16, 17. (a) What accounts for the woes on earth since 1914? (b) How do Jesus’ words in Matthew and Luke describe the start of these distresses?
16 Next, there is war in heaven! The enthroned King and his angels battle with Satan and his demon hordes, and hurl these out of Jehovah’s heavens down to the vicinity of our earth. Hence, it is “woe for the earth and for the sea, because the Devil has come down to you, having great anger, knowing he has a short period of time.” (Revelation 12:7-12) During that comparatively “short period,” the King gathers righteously inclined humans for salvation and sounds the warning of the impending execution of judgment on Satan’s world system of things.—Matthew 24:31-41; 25:31-33.
17 Today we perceive the fulfillment of Jesus’ “sign,” as set out in detail at Matthew chapters 24 and 25, Mark chapter 13 and Luke chapter 21. Note that Jesus here describes “a beginning of pangs of distress,” in these words:
“Nation will rise against nation, and kingdom against kingdom; and there will be great earthquakes, and in one place after another pestilences and food shortages; and there will be fearful sights and from heaven great signs.” (Matthew 24:3, 7, 8; Luke 21:10, 11)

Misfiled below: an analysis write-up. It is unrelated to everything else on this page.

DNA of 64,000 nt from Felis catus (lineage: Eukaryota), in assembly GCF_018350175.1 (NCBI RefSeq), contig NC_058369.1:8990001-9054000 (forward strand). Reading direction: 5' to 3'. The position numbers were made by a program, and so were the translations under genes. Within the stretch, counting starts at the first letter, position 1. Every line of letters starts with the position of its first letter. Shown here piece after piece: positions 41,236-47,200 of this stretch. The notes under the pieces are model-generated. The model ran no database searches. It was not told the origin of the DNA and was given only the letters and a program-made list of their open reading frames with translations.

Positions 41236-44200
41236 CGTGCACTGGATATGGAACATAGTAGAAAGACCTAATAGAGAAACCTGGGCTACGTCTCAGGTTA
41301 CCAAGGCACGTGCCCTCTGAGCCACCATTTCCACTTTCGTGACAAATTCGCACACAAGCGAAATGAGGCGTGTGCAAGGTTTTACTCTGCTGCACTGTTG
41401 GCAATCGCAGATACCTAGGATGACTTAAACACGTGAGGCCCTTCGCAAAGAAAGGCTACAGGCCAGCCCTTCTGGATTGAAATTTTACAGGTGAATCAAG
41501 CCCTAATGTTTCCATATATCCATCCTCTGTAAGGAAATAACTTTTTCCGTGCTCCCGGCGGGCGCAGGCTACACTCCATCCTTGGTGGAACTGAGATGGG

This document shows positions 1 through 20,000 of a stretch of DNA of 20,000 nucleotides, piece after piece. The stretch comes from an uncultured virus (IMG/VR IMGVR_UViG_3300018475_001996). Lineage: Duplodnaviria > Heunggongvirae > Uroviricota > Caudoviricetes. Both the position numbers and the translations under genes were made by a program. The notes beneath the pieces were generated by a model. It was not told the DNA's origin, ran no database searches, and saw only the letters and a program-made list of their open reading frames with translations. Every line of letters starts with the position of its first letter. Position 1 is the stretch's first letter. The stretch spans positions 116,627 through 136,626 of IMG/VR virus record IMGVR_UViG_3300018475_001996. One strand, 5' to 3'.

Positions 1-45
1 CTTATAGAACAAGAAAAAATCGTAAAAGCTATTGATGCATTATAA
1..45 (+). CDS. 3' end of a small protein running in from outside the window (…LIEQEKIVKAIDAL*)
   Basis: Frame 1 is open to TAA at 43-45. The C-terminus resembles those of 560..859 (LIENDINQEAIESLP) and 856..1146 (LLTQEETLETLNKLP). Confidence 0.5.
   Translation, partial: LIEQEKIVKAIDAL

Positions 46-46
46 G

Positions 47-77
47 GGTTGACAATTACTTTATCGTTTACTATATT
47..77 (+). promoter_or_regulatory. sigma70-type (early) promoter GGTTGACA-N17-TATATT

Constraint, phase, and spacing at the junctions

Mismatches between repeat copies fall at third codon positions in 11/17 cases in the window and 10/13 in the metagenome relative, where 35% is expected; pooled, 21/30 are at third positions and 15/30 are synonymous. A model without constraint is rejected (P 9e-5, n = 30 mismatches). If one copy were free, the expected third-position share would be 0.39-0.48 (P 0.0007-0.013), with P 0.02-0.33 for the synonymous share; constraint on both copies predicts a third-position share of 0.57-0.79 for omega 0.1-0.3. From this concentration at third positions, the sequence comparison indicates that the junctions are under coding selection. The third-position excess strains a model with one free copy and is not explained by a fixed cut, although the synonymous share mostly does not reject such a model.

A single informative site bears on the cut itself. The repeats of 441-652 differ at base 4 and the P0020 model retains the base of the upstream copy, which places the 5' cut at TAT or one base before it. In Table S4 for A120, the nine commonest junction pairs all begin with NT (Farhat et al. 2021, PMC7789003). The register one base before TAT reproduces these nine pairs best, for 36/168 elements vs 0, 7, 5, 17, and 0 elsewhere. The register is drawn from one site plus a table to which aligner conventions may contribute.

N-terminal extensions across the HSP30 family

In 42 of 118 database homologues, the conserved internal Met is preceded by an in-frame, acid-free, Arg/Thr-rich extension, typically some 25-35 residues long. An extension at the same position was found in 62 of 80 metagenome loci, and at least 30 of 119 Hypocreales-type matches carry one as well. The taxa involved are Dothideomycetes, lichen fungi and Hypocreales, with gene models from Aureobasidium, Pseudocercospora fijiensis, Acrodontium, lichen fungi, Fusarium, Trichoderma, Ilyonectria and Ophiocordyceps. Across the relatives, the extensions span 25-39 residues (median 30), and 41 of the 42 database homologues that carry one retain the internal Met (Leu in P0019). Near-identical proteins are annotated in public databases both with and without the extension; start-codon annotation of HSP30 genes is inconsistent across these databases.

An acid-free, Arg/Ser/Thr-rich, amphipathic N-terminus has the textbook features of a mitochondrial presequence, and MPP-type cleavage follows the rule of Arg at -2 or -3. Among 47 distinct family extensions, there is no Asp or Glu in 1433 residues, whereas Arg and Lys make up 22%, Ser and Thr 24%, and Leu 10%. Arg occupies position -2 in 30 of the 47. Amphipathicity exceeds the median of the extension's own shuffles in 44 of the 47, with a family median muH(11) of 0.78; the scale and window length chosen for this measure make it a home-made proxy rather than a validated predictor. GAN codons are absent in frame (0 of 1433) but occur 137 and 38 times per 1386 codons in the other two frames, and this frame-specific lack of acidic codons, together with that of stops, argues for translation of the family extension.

Did such “pangs of distress” come to plague mankind from 1914 C.E. onward?
18. From 1914, how did war become utterly horrible?
18 It was in the year 1914 that the Great War (later called “World War I”) got under way, and with it came pestilence and famine. Writers have found it difficult to describe the utter horror that pervaded the battlefields, as millions perished in trench warfare during the carnage of 1914-1918. In the book Eye Deep in Hell, Paul Nash is quoted as saying of the European battleground: “No pen or drawing can convey this country—the normal setting of the battles taking place day and night, month after month. Evil and the incarnate fiend alone can be master of this war, and no glimmer of God’s hand is seen anywhere. . . . The shells never cease . . . annihilating, maiming, maddening, they plunge into the grave which is this land; one huge grave, and cast upon it the poor dead. It is unspeakable, godless, hopeless.”
19. What do statistics show as to an upsurge of earthquakes since 1914?